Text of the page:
The Bourj Hammoud district in Lebanon is the geographical extension of Beirut City along the Mediterranean coastline. It constitutes the suburb immediately east of the capital, by the seaside-separated by the Beirut River. Housing a population of roughly 100,000 persons, it is a dense working class district, extending over an area of 0.96 square-miles or 2.4 km2 within the Greater Beirut municipality.
Until the early twentieth century, Bourj Hammoud was an area characterized by agriculture and marshlands, scattered with individual settlements. After 1928, Armenian refugees who survived the Ottoman persecutions began migrating to the area, settling in compact quarters organized into regular gridiron patterns. Each quarter was populated by natives from a village in their original homeland in Anatolia, modern day Turkey, which re-gifted its name to the new quarter such as Marash, Nor-Adana, and Nor-Sis.
In the mid nineteen-forties, part of the Armenian population migrated to Soviet Armenia, followed by another influx of migrants from south Lebanon-mainly Shiites and some Palestinians, whom settled predominantly throughout the southeastern edges of the district. In the sixties, Bourj Hammoud witnessed an influx of Armenians from Syria, mainly Aleppo, who settled in the area and established their small businesses.
Between 1975 and 1995, the district witnessed drastic population shifts as a result of the Lebanese civil war’s ongoing development. The influx of displaced populations from conflict zones and hostile areas, and emigrants from rural areas-mainly Armenians from Beirut and Christians displaced from their villages, coupled with the displacement of Shiite inhabitants, progressed the continual densification of Bourj Hammoud’s population.
My parents, both survivors of the 1915 Armenian genocide, met and were married in Damascus, Syria, only to relocate their family to Bourj Hammoud in 1949. It is here I was born and lived there for 20 years before permanently moving out at the start of the civil war in 1975.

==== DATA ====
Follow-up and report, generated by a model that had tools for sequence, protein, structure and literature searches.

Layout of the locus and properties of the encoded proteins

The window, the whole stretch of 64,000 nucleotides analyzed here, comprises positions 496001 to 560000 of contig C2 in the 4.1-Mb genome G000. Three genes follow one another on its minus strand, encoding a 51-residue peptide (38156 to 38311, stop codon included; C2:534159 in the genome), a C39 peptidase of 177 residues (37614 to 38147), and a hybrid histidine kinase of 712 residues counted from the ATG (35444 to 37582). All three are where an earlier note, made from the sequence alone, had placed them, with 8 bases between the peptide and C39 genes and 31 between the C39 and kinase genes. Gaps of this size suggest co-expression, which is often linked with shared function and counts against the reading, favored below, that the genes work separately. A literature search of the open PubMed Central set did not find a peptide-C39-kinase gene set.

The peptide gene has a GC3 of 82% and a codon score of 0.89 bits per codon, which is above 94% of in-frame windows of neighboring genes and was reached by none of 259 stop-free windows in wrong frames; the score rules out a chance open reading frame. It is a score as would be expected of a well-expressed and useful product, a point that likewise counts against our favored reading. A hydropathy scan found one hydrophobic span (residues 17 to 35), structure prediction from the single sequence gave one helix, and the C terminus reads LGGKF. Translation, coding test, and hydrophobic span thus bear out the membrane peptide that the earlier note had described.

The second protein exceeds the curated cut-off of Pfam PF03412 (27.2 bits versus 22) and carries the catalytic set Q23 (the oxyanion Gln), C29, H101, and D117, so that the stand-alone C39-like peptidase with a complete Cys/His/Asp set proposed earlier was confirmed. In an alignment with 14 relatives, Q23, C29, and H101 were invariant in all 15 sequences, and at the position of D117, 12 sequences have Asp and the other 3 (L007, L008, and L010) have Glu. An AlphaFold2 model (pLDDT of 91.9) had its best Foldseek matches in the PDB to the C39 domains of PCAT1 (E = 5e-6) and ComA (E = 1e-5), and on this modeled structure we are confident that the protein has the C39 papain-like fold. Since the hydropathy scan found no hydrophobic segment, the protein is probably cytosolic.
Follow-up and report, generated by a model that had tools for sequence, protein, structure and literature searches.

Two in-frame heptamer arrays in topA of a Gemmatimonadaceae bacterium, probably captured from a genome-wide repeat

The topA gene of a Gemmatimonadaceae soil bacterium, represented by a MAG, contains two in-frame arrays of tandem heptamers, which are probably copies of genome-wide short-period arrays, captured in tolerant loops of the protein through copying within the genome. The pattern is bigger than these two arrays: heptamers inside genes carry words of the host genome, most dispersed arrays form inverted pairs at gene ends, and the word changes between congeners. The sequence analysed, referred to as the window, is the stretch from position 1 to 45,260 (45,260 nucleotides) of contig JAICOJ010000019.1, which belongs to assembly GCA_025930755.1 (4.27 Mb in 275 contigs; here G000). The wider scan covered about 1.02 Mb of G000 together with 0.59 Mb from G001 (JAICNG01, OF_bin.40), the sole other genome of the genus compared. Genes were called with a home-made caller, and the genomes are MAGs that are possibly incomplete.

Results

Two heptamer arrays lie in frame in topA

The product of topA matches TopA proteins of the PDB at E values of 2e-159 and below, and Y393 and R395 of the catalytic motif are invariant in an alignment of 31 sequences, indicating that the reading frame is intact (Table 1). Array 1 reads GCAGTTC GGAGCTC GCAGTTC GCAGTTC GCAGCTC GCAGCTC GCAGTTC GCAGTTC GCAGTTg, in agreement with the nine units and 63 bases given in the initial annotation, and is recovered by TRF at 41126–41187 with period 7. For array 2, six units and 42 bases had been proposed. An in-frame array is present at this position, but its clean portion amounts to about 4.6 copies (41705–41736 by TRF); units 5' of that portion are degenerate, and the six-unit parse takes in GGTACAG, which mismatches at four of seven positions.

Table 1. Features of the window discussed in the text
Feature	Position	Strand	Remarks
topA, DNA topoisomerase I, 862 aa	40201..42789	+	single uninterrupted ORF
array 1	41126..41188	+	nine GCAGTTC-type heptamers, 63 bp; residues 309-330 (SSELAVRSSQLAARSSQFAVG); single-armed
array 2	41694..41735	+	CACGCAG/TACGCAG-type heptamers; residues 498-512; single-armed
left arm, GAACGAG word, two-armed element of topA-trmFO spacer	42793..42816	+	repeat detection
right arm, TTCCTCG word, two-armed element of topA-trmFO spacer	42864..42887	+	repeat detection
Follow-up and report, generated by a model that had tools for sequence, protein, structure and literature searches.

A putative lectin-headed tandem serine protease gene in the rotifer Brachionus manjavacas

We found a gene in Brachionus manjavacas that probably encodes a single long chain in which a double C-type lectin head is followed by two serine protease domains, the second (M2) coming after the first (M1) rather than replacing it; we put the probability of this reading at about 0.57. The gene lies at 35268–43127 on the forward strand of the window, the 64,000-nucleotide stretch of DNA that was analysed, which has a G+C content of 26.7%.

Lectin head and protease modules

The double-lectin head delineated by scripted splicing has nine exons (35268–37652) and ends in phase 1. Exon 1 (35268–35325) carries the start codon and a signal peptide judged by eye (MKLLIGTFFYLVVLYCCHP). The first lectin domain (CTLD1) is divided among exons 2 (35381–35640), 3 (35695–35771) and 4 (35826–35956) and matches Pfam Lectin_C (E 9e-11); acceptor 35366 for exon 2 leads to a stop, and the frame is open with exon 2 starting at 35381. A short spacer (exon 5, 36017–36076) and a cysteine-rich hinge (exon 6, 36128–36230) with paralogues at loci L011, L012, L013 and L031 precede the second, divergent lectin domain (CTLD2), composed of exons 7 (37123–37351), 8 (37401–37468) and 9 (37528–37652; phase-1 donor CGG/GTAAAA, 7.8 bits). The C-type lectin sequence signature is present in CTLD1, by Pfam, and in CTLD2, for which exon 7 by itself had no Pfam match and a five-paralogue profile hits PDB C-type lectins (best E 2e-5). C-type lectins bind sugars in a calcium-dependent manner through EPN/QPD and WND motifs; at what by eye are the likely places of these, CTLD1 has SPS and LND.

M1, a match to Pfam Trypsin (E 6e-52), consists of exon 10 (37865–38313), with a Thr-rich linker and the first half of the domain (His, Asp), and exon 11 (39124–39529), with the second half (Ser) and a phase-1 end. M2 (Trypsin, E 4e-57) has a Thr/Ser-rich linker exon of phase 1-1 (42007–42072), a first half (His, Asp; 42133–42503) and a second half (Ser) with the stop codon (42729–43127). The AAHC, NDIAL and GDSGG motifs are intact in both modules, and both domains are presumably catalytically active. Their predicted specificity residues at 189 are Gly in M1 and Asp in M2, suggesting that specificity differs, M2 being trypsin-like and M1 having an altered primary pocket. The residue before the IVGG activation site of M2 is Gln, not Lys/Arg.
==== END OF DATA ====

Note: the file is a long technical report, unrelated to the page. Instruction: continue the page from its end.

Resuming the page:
Bourj Hammoud became a safe haven for many Armenians who were forced to leave their homes and subsequently converge in this one square mile territory to create a home away from home. Erecting schools, churches, cultural centers and maintaining political affiliations with concerted national codes were a part of the effort to maintain a level of subsistence. It was here, also, where national identity was resurrected as a means to hold on to what was violently ended in the homeland. From 1935 to 1985 this tiny enclave served as the cultural, intellectual and political beacon of the Armenian Diaspora.
During the course of a 15-year conflict, most Armenian inhabitants of the quarter fled the country and others moved out of the area to better their social ranking. Today, like many dwindling Christian communities across the Middle East, Bourj Hammoud struggles to retain its Armenian character against the tide of political uncertainty engulfing the region. More than 50 years Bourj Hammoud played a pivotal role in preserving the Armenian national identity. This important place-often called Little Armenia-this colony is the last bastion of Armenian collective memory as it is a direct consequence of a crime against humanity perpetrated over hundred years ago against Armenian population living in their homeland.
Between 2008-2009, I returned to my hometown twice to be with my terminally ill older brother who had lived all his life in Bourj Hammoud. The district has gone through dramatic changes; not only in terms of becoming an important commercial hub but also due to the migration of its predominantly Armenian population, whose distinctive mark of character is disappearing from the area.
Each resident of this suburb can offer a plethora of interesting and enchanting stories-in this book are only some of the many images captured during my visit to this special place. My intimate relationships with its narrow streets, the sights and sounds, and its peculiar characters have all been an important source of inspiration all my life.
This book is my story, a tribute to all residents of Bourj Hammoud.